Heatwave warning issued for western and central western New South Wales
Temperatures above 40 degrees Celsius are due in several areas over the next three days.
BoM warned parts of western and central western NSW are due to experience the highest temperatures, with the rest of the state expected to have temperatures in the mid to high 30s.
Meanwhile, Sydney and most of the state have avoided the worst of the storms that were forecast on Monday afternoon.
Severe thunderstorms with large hailstones, heavy rainfall and damaging winds were recorded near Maitland, Cessnock and the greater Newcastle and greater Wyong areas, the BoM said in a statement.
NSW Police have issued a warning ahead of the heatwave advising people to take care, especially if they were at a higher risk of heat illness, are older, live alone or are socially isolated.
A warning from NSW Health advised people to be hydrated, avoiding alcohol and hot or sugary drinks, limit their physical activity and try to stay out of the sun during the hottest times of the day.
“Signs of heat-related illness include confusion, dizziness, fainting, nausea, vomiting, weakness, headaches and loss of sweating,” the police statement said.
“Look after those at higher risk, including contacting them to make sure they are coping and have taken appropriate precautions.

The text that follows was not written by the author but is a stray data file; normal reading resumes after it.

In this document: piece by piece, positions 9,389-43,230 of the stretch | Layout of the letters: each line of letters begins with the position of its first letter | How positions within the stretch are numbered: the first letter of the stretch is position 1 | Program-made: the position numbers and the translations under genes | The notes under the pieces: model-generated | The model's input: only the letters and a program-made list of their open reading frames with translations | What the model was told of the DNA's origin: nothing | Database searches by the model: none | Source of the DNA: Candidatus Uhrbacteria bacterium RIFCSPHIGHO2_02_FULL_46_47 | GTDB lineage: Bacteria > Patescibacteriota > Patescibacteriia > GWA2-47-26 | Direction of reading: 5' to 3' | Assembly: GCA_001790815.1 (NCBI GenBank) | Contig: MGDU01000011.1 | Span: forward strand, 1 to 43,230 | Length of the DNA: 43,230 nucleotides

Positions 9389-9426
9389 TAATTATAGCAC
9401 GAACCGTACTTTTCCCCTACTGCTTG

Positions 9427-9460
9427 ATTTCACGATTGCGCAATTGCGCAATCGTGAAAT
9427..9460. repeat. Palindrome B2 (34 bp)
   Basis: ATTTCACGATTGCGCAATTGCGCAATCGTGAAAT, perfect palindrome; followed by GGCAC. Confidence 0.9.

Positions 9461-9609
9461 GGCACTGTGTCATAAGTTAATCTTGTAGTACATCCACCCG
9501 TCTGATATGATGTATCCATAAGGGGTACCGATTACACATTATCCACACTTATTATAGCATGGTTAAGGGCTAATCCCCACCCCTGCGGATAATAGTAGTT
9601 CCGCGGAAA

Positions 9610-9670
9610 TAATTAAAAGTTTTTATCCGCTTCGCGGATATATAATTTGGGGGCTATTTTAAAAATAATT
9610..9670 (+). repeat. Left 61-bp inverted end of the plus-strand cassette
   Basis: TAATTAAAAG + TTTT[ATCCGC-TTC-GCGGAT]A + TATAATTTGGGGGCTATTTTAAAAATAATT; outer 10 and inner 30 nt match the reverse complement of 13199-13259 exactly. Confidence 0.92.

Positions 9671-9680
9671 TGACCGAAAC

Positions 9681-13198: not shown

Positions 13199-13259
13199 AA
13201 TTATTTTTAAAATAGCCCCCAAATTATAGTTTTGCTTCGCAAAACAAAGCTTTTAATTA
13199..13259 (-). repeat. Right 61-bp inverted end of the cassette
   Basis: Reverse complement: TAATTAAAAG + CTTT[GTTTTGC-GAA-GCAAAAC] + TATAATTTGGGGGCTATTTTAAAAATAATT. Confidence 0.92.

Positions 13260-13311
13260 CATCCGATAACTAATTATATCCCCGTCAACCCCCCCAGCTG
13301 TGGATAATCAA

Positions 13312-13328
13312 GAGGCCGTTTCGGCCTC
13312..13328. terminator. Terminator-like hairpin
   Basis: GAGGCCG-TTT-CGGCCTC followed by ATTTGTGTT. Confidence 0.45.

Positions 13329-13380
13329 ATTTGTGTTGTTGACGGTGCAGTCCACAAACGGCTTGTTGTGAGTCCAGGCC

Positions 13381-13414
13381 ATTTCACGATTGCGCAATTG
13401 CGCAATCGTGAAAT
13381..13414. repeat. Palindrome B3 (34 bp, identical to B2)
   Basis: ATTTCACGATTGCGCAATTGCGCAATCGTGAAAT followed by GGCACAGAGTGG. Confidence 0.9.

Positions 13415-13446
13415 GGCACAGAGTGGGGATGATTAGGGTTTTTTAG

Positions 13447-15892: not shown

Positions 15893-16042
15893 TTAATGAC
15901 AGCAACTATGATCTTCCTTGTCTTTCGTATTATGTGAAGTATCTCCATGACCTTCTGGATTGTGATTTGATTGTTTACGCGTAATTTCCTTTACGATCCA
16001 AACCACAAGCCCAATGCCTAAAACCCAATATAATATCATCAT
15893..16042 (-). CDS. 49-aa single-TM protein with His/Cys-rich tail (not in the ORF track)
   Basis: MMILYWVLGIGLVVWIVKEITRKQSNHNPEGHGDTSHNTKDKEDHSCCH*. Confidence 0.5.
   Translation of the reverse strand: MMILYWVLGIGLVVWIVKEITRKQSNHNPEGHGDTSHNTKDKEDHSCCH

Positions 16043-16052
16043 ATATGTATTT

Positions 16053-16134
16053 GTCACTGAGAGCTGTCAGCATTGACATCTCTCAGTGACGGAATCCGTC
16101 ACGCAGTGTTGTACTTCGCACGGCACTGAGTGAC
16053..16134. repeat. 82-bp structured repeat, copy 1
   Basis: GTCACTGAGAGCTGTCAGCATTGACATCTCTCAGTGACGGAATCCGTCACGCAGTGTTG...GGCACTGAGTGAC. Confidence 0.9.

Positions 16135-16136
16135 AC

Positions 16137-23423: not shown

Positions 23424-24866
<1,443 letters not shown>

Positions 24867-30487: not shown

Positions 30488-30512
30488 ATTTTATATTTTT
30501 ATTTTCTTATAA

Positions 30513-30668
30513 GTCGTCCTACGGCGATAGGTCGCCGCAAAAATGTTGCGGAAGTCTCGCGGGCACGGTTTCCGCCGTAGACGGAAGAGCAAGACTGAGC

“People showing any of these signs should seek urgent medical attention through their GP or local emergency department.”
The NSW Rural Fire Service warned that given the hot and dry conditions forecast for much of the state, residents need to be prepared.
Reminder to be vigilant near the water
NSW Ambulance has called on everyone to be mindful of water safety after two separate incidents in backyard pools in Sydney which left one three-year-old child dead and another child, aged two, in hospital.
“Temperatures are set to rise this week and the warmer temperature often mean more drowning/near drowning as people flock to the beach, pools, lakes and creeks,” the statement said.
NSW Ambulance Chief Superintendent Alan Morrison said it was important not be complacent when children were near the water.
“It only takes a moment for a child to get themselves into trouble around water, so it is absolutely vital they are supervised vigilantly at all times,” Chief Superintendent Morrison said.
“When it comes to pools there should be strict adherence to safety guidelines including keeping gates properly closed, removing any items kids can use to climb fences, displaying a CPR chart at all times and knowing what to do in an emergency.
“Around water, ensure you know where children are at all times and always maintain visual contact with them.
“This remains just as important in public places such as a community pool or the beach; you should never rely on someone else watching the children in your care and ensuring their safety.”
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Published by ABC News.